Certificate U, 126 minutes
Director: Martin Scorsese
Stars: Asa Butterfield, Chloë Grace Moretz and Ben Kingsley
Hugo is available in both 2D and 3D versions, and was the first 3D film made by Martin Scorsese; the 2D was the one watched.
The title character of the film, Hugo Cabret (Asa Butterfield, Ender's Game) lives inside the walls of a Paris train station in the early 1930s. His Uncle Claude (Ray Winstone, The Sweeney) took him there to live as his apprentice after Hugo's unnamed father, Jude Law (Contagion, Side Effects), dies. After his uncle disappears, Hugo stays on doing Claude's job of winding and maintaining the clocks in the station, whilst trying to avoid the attentions of the Station Inspector (Sacha Baron Cohen, Grimsby) who will send him to an orphanage if he catches him. The only remnant Hugo has of his former life is a broken automaton that his father discovered in the museum where he worked, which they were repairing together.
Isabelle is an unusual child; she is very fond of reading, getting a lot of books from Monsieur Labisse (Christopher Lee, Season of the Witch, The Hobbit: An Unexpected Journey, The Hobbit: The Battle of the Five Armies), a bookseller in the station. She is fond of secrets and is looking for an adventure, and not just the ones she reads about. Hugo revolves around the attempts by Hugo and Isabelle to repair the automaton, and then to discover where it came from, given that Isabelle has the key that winds it up. This leads to them looking into Georges' past; a past that he had tried to forget as it brought him heartache.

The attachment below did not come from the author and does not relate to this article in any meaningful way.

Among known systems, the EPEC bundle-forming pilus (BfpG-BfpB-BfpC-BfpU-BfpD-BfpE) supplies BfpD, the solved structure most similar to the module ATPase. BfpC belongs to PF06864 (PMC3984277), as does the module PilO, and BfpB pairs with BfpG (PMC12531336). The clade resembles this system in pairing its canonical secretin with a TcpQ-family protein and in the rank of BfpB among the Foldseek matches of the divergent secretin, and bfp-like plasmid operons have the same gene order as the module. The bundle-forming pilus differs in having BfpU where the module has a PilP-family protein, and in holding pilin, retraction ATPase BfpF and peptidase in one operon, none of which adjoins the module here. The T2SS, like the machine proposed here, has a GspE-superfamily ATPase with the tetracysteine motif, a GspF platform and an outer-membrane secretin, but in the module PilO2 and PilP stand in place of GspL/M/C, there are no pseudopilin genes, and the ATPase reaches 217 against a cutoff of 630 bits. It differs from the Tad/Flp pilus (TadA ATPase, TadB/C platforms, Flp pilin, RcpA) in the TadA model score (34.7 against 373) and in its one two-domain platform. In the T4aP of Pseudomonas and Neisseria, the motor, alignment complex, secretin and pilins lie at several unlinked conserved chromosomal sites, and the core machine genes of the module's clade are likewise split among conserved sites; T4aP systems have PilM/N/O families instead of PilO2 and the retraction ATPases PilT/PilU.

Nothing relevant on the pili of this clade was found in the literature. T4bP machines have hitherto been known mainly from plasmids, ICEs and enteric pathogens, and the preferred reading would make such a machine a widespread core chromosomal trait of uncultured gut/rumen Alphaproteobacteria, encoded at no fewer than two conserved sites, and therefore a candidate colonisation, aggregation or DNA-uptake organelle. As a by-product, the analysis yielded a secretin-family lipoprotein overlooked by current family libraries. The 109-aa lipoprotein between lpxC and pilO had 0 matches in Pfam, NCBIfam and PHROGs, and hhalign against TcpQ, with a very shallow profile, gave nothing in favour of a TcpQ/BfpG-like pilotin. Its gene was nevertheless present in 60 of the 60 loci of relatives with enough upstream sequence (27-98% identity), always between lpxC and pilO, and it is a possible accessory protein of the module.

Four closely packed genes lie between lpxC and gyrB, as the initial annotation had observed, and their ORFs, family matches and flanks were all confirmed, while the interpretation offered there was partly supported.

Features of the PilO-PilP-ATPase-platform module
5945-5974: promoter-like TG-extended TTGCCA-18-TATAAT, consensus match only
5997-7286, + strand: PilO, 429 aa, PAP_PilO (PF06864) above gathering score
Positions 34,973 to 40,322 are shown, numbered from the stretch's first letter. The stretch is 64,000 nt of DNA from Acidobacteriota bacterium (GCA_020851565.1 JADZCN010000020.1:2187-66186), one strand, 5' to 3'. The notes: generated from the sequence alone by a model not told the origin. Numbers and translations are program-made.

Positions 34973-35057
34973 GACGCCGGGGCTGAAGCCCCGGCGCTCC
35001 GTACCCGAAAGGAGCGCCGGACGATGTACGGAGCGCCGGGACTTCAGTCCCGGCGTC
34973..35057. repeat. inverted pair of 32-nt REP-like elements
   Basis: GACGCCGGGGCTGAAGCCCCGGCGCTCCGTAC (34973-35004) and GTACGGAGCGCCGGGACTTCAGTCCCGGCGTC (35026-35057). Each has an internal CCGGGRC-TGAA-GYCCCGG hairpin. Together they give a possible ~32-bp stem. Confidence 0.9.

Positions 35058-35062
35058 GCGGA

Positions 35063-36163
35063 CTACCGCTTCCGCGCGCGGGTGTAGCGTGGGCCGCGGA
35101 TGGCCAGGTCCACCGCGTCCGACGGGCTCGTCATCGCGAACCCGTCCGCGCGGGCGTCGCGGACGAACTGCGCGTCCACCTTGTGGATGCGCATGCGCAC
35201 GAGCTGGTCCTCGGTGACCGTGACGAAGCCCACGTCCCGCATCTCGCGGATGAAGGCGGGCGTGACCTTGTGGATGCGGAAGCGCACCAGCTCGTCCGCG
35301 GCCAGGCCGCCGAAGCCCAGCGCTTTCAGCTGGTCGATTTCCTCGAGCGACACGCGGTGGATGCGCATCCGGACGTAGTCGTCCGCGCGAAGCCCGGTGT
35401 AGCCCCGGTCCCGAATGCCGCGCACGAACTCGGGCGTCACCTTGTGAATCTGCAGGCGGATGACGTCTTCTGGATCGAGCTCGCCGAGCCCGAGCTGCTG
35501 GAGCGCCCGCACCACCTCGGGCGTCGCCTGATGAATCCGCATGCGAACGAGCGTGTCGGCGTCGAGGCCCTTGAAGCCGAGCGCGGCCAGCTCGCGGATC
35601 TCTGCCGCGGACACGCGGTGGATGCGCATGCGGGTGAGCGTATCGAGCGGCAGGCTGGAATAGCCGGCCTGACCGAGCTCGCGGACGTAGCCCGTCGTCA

Although the film is set in Paris, most of the cast don't speak with anything approximating a French accent, with the exception of Sacha Baron Cohen's character of the unnamed Station Inspector. Quite what accent he speaks with is difficult to determine - it seems to owe more to Inspector Clouseau than anything else.
Overall, Hugo is a nice, family film which is at least somewhat based on a true story. Georges Méliès was a real person, and much of the references to his past life are correct, as was his occupation as a toy salesman in a train station (Montparnasse in Paris) at the time the film is set. Some license was made in both the film and the book on which it is based, The Invention of Hugo Cabret by Brian Selznick.
Hugo is not at all what you might expect from Scorsese going by his often violent and gangster themed films such as Goodfellas or the more recent The Departed.